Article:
7. ATV Engineering Support Team Safety Console Preparation for the Johannes Kepler Mission

    NASA Astrophysics Data System (ADS)

    Chase, R.; Oliefka, L.

    2010-09-01

    This paper describes the improvements to be implemented in the Safety console position of the Engineering Support Team(EST) at the Automated Transfer Vehicle(ATV) Control Centre(ATV-CC) for the upcoming ATV Johannes Kepler mission. The ATV missions to the International Space Station are monitored and controlled from the ATV-CC in Toulouse, France. The commanding of ATV is performed by the Vehicle Engineering Team(VET) in the main control room under authority of the Flight Director. The EST performs a monitoring function in a room beside the main control room. One of the EST positions is the Safety console, which is staffed by safety engineers from ESA and the industrial prime contractor, Astrium. The function of the Safety console is to check whether the hazard controls are available throughout the mission as required by the Hazard Reports approved by the ISS Safety Review Panel. Safety console preparation activities were limited prior to the first ATV mission due to schedule constraints, and the safety engineers involved have been working to improve the readiness for ATV 2. The following steps have been taken or are in process, and will be described in this paper: • review of the implementation of Operations Control Agreement Documents(OCADs) that record the way operational hazard controls are performed to meet the needs of the Hazard Reports(typically in Flight Rules and Crew Procedures), • crosscheck of operational control needs and implementations with respect to ATV's first flight observations and post flight evaluations, with a view to identifying additional, obsolete or revised operational hazard controls, • participation in the Flight Rule review and update process carried out between missions, • participation in the assessment of anomalies observed during the first ATV mission, to ensure that any impacts are addressed in the ATV 2 safety documentation, • preparation of a Safety console handbook to provide lists of important safety aspects to be

  8. Formulation Assessment and Support Team (FAST) for the Asteroid Redirect Mission (ARM)

    NASA Astrophysics Data System (ADS)

    Mazanek, Daniel D.; Abell, Paul; Reeves, David M.; NASA Asteroid Redirect Mission (ARM) Formulation Assessment and Support Team (FAST)

    2016-10-01

    The Formulation Assessment and Support Team (FAST) for the Asteroid Redirect Mission (ARM) was a two-month effort, chartered by NASA, to provide timely inputs for mission requirement formulation in support of the Asteroid Redirect Robotic Mission (ARRM) Requirements Closure Technical Interchange Meeting held December 15-16, 2015. Additionally, the FAST was tasked with developing an initial list of potential mission investigations and providing input on potential hosted payloads and partnerships. The FAST explored several aspects of potential science benefits and knowledge gain from the ARM. Expertise from the science, engineering, and technology communities was represented in exploring lines of inquiry related to key characteristics of the ARRM reference target asteroid (2008 EV5) for engineering design purposes. Specific areas of interest included target origin, spatial distribution and size of boulders, surface geotechnical properties, boulder physical properties, and considerations for boulder handling, crew safety, and containment. In order to increase knowledge gain potential from the mission, opportunities for partnerships and accompanying payloads that could be provided by domestic and international partners were also investigated. The ARM FAST final report was publicly released on February 18, 2016 and represents the FAST's final product. The report and associated public comments are being used to support mission requirements formulation and serve as an initial inquiry to the science and engineering communities relating to the characteristics of the ARRM reference target asteroid. This report also provides a suggested list of potential investigations sorted and grouped based on their likely benefit to ARM and potential relevance to NASA science and exploration goals. These potential investigations could be conducted to reduce mission risks and increase knowledge return in the areas of science, planetary defense, asteroid resources and in-situ resource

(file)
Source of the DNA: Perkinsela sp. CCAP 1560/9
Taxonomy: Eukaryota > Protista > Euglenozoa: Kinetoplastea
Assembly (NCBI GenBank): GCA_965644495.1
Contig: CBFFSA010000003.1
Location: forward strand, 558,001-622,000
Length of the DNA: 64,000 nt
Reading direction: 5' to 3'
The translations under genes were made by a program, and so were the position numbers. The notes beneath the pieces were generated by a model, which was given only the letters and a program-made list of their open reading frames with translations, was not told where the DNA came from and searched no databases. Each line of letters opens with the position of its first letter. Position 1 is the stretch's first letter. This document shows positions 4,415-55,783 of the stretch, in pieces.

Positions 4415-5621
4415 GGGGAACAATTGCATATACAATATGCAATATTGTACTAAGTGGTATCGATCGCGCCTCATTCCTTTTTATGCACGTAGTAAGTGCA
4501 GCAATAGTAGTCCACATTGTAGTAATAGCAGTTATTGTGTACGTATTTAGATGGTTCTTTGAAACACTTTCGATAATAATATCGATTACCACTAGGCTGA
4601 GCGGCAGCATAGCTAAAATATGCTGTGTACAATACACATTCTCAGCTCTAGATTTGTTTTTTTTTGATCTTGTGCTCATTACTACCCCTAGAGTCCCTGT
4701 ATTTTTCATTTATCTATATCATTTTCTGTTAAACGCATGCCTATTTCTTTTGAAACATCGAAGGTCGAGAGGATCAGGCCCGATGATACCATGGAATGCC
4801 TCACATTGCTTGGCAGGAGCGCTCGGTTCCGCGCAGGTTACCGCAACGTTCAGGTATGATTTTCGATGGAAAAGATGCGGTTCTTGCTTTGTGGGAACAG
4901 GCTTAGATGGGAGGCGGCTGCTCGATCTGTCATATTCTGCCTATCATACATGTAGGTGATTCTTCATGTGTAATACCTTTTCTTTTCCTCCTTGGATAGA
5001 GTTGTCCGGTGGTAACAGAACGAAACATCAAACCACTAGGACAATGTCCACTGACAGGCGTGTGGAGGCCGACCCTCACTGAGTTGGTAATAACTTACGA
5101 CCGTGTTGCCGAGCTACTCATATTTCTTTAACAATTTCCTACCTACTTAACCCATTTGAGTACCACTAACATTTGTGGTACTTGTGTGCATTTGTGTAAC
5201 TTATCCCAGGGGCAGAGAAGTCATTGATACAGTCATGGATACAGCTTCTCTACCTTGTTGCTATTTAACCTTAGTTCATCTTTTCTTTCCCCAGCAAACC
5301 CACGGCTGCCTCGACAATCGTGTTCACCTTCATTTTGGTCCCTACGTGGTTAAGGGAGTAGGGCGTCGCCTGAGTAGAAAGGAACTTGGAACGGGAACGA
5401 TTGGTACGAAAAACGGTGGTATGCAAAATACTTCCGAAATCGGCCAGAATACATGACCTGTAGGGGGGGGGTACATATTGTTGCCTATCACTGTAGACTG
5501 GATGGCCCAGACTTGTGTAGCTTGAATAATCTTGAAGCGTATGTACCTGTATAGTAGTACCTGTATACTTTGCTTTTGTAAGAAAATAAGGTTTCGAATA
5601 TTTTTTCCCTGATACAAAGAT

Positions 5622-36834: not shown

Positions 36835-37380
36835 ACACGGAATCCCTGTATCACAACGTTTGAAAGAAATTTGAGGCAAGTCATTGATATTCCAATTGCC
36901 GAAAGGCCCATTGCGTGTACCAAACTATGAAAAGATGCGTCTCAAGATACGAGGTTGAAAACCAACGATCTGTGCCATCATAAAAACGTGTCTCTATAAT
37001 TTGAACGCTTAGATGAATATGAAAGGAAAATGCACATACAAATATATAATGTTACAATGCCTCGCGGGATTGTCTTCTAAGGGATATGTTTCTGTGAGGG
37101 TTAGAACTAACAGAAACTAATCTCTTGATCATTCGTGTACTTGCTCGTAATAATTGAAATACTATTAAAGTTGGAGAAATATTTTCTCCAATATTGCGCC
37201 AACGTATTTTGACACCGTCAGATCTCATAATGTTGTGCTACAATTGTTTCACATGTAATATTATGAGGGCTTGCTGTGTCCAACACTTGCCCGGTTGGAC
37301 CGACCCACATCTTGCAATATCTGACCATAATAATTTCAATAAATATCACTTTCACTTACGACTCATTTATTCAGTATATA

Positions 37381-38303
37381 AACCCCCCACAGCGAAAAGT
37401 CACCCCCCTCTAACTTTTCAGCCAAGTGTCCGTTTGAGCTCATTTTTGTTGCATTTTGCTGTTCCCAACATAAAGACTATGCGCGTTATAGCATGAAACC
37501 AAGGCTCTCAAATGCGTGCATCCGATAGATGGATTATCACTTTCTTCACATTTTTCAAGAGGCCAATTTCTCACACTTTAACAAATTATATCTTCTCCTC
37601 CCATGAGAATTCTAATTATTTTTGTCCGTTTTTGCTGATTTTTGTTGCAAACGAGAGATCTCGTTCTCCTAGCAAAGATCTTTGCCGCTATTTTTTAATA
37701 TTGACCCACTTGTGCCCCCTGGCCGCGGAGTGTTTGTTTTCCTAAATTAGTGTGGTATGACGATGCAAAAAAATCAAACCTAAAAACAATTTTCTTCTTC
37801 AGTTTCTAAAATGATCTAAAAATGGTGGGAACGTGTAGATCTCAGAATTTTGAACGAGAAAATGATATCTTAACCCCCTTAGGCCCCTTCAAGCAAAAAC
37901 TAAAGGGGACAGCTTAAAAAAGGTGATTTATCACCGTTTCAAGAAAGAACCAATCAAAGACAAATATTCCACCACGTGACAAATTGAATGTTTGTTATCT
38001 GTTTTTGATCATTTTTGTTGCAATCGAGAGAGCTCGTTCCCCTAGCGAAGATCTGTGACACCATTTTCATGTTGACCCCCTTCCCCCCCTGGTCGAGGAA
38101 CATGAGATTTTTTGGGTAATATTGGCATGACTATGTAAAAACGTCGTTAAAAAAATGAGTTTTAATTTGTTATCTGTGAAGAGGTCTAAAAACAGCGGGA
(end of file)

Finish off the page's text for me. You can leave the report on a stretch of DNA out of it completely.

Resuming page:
9. STS-121: Discovery Pre-Launch Mission Management Team Press Briefing

    NASA Technical Reports Server (NTRS)

    2006-01-01

    The briefing began with Allard Buetel (NASA Public Affairs) introducing Bill Gerstenmaier (Associate Administrator for Space Operations) who provided an update of the Mission Management team meeting. The 3 criteria reviewed by the team were: a) ascent heating; b) ice formation and c) remaining foam still intact. The ascent heating had a safety factor of 5 and posed no concern. Ice formation was not a concern. In order to insure there was no damage to the remaining foam, an 8ft. pipe with a camera attached was used to provide pictures. The boroscope pictures showed there was no damage to the brackets or foam. The inspection went very well and the foam was acceptable and ready to fly. Then the floor was open to questions from the press.

  10. Creating a Team Archive During Fast-Paced Anomaly Response Activities in Space Missions

    NASA Technical Reports Server (NTRS)

    Malin, Jane T.; Hicks, LaDessa; Overland, David; Thronesbery, Carroll; Christofferesen, Klaus; Chow, Renee

    2002-01-01